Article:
The neurobiological basis of ADHD

Ital J Pediatr. 2010 Dec 22;36(1):79. doi: 10.1186/1824-7288-36-79.


Attention-Deficit/Hyperactivity Disorder is not a single pathophysiological entity and appears to have a complex etiology. There are multiple genetic and environmental risk factors with small individual effect that act in concert to create a spectrum of neurobiological liability. Structural imaging studies show that brains of children with Attention-Deficit/Hyperactivity Disorder are significantly smaller than unaffected controls. The prefrontal cortex, basal ganglia and cerebellum are differentially affected and evidence indicating reduced connectivity in white matter tracts in key brain areas is emerging. Genetic, pharmacological, imaging, and animal models highlight the important role of dopamine dysregulation in the neurobiology of Attention-Deficit/Hyperactivity Disorder. To date, stimulants are the most effective psychopharmacological treatments available for Attention-Deficit/Hyperactivity Disorder. Currently only immediate release methylphenidate and atomoxetine are approved for the treatment of ADHD in Italy. Drug treatment should always be part of a comprehensive plan that includes psychosocial, behavioural and educational advice and interventions.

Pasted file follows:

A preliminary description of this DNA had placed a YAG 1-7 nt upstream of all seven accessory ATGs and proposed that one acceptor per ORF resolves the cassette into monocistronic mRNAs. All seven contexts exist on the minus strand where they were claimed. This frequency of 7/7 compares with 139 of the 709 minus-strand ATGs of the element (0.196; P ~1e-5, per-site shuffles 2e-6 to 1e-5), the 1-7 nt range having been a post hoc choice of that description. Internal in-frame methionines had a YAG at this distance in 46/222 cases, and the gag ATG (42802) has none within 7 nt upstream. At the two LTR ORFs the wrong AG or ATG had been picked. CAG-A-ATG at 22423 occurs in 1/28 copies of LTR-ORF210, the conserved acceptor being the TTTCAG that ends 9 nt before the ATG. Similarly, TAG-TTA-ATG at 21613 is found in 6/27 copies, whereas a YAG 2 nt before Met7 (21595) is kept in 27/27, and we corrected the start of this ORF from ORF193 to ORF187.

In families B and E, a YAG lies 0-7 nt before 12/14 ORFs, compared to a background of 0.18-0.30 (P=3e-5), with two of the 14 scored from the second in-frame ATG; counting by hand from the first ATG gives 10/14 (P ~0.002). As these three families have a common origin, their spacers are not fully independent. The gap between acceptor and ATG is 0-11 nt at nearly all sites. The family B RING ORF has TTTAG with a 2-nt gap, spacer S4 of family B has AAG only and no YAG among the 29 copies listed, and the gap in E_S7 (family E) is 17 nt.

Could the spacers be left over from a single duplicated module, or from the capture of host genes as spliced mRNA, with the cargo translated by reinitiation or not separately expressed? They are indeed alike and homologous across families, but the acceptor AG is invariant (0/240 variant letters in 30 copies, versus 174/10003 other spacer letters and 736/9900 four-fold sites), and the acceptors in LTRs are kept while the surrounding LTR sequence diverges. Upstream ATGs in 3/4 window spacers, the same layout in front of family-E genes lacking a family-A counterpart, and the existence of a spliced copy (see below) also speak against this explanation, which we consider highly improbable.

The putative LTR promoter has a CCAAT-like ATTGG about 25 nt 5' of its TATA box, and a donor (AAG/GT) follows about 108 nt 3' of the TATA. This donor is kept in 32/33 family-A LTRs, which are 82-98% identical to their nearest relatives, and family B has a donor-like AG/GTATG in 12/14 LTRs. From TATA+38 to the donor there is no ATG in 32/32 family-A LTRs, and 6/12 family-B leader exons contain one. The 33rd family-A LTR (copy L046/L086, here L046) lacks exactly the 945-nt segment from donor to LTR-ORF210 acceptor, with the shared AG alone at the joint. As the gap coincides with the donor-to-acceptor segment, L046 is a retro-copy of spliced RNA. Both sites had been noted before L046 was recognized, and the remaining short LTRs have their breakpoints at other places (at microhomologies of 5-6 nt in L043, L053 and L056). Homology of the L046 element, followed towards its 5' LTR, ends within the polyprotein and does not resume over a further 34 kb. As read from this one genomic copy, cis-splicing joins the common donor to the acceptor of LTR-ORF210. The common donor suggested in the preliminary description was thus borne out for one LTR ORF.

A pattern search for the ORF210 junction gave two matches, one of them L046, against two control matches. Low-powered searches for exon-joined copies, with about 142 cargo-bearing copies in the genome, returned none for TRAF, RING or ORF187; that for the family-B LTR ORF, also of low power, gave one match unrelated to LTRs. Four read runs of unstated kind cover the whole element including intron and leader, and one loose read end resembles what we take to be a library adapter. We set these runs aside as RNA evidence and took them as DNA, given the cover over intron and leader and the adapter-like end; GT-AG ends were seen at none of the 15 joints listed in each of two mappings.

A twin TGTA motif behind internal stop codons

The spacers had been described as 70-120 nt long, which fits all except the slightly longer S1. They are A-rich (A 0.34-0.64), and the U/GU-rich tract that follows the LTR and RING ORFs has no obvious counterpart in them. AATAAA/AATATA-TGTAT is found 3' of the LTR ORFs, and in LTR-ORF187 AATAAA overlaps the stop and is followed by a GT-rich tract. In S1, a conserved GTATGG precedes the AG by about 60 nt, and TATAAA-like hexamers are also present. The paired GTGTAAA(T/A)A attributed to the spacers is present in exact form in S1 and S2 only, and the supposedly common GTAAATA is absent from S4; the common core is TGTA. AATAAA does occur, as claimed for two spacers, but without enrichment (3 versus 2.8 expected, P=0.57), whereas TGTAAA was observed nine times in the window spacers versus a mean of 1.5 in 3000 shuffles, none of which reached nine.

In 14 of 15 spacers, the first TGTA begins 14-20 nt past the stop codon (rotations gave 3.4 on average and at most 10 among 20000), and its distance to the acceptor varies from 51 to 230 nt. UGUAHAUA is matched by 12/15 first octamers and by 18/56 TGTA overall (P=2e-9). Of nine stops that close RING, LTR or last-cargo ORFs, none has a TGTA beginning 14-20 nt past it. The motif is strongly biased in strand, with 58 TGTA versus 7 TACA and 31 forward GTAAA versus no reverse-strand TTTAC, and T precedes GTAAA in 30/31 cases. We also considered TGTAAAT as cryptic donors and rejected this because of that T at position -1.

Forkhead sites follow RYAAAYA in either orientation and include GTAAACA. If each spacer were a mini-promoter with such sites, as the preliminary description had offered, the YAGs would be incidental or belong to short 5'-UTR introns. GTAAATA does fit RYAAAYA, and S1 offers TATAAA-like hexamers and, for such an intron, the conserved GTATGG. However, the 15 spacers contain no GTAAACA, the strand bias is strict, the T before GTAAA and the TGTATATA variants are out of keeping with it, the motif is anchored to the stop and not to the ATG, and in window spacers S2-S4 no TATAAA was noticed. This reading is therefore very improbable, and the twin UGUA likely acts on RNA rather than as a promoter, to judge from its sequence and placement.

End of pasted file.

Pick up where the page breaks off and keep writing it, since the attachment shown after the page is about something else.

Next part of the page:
Publication types

  • Research Support, Non-U.S. Gov't
  • Review

MeSH terms

  • Animals
  • Atomoxetine Hydrochloride
  • Attention Deficit Disorder with Hyperactivity / metabolism
  • Attention Deficit Disorder with Hyperactivity / pathology
  • Attention Deficit Disorder with Hyperactivity / physiopathology*
  • Attention Deficit Disorder with Hyperactivity / therapy
  • Basal Ganglia / physiopathology
  • Behavior Therapy
  • Brain / drug effects
  • Brain / metabolism
  • Brain / pathology
  • Brain / physiopathology*
  • Central Nervous System Stimulants / therapeutic use
  • Cerebellum / physiopathology
  • Dopamine / metabolism
  • Dopamine Agents / metabolism
  • Dopamine Uptake Inhibitors / therapeutic use
  • Drug Therapy, Combination
  • Evidence-Based Medicine
  • Humans
  • Italy
  • Methylphenidate / therapeutic use
  • Prefrontal Cortex / physiopathology
  • Propylamines / therapeutic use
  • Risk Factors
  • Treatment Outcome


  • Central Nervous System Stimulants
  • Dopamine Agents
  • Dopamine Uptake Inhibitors
  • Propylamines
  • Methylphenidate
  • Atomoxetine Hydrochloride
  • Dopamine